Commentary: Reduce foreign competition to boost North Carolina wages

Commentary: Reduce foreign competition to boost North Carolina wages
April 13
14:00 2017

Bill Kniegge

Guest Columnist

For black North Carolinians, the Great Recession never ended. From 2009 to 2014, black residents’ incomes plummeted 21 percent in Winston-Salem, 17 percent in Raleigh, and 15 percent in Charlotte and Greensboro.

North Carolinians of other races aren’t faring much better. In 2015, the average North Carolina household earned $400 less than it did in 2009, after adjusting for inflation.

Wages are stagnant or declining because blue-collar North Carolinians face excessive competition from foreign labor. By striking fairer trade deals and lowering immigration, elected leaders could tighten the labor market. Employers would have to boost wages to attract workers.

Many companies have shipped jobs overseas to take advantage of cheaper labor. From 2001 to 2011, America lost 3.2 million jobs to China alone.  North Carolina – a former powerhouse in textile manufacturing – has suffered more from outsourcing than any other state, according to the Labor Department.

To add insult to injury, many employers pass over local workers in favor of cheaper immigrant laborers.

In Charlotte, the construction firm that built Bank of America’s corporate center specifically sought out foreign workers – including illegal ones –according to Owen Furuseth, a geography professor at University of North Carolina-Charlotte. Furuseth explains how these immigrant workers “called their brother, they called their cousin, they called their family members back in Mexico” to encourage them to come work in the area.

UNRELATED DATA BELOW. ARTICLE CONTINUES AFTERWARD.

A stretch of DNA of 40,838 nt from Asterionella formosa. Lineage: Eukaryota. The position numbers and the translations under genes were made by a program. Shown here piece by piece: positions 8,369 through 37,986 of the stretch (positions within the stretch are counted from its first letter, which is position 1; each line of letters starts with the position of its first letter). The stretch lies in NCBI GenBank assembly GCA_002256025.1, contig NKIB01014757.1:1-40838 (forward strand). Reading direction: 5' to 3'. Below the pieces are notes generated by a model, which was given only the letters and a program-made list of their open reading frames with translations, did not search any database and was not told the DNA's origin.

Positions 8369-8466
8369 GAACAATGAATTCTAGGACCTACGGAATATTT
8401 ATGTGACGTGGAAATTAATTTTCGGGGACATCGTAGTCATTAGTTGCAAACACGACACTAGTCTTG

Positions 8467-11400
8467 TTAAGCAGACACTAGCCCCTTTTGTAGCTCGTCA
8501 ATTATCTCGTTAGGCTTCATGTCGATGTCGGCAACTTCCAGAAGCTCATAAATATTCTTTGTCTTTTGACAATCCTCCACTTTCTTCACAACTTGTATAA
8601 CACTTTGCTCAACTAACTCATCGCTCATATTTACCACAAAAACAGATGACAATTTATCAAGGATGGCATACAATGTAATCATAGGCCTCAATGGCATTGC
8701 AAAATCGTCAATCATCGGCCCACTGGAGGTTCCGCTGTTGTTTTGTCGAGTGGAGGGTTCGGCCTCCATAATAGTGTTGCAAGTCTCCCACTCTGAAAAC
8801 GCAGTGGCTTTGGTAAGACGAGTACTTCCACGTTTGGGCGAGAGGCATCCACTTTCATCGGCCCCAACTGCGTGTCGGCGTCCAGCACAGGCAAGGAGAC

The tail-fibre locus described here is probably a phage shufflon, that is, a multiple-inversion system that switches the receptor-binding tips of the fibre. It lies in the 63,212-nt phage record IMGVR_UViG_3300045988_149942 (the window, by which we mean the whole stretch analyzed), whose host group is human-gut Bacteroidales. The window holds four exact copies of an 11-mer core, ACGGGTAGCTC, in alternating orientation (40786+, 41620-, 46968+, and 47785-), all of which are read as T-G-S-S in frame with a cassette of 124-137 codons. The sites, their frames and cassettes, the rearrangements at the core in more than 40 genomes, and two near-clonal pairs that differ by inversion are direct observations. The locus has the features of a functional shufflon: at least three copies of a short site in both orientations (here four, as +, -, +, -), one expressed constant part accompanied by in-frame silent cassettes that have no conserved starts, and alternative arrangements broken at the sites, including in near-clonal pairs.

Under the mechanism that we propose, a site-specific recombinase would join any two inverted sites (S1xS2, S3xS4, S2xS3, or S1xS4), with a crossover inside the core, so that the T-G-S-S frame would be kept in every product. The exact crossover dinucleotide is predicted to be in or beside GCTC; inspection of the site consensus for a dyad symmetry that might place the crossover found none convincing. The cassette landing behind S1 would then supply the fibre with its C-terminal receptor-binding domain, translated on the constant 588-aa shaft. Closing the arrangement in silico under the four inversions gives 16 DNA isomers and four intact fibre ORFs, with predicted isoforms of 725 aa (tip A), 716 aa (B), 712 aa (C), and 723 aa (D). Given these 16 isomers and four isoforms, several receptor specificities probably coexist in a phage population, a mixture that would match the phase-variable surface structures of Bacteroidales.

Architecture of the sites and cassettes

Illegal workers now comprise 5 percent of North Carolina’s labor force – the 12th-highest share in the nation.

Business leaders have justified hiring foreign workers by arguing that they can’t find enough blue-collar Americans to do the job.

The facts don’t support such claims. Overall, wages in Charlotte and Raleigh are on par with the national average, and in Durham, they’re 18 percent higher. But construction workers in Charlotte earn 20 percent less than the national average construction wage. In Raleigh, these laborers earn 18 percent less.  And in Durham, 19 percent less.

If there was really a shortfall of available blue-collar laborers, employers would have been forced to raise wages.

The “labor shortage” is nothing more than a corporate myth used to justify hiring cheaper immigrant labor instead of giving local American workers a chance.

Excess competition drives down wages. Harvard economist George Borjas calculated that foreign workers depress Americans’ wages by over $400 billion each year. Minority workers bear the brunt of this competition. Borjas warns that when immigration boosts the size of a particular skill-group –those with only high-school diplomas, for instance – by 10 percent, black men’s earnings drop 2.5 percent and their employment rate declines nearly 6 percent.

So what’s the solution? Implementing trade deals and tax policies that discourage outsourcing would be a good start. Requiring businesses to use E-Verify, an online system that instantly checks whether new hires are authorized to work in the United States, would stop illegal employment and tighten labor markets virtually overnight.

North Carolina’s Congressional delegation could also reform the immigration system to prioritize admission for highly-skilled foreign professionals, like doctors, while downsizing or eliminating guest worker programs that depress wages for blue-collar workers.

North Carolina’s professional class is prospering. But the state’s blue-collar workers are still waiting for the economic recovery to reach them. It’s time to limit excess competition for jobs and allow wages to rise naturally.

Bill Kniegge is an army veteran and a small business owner in Charlotte.

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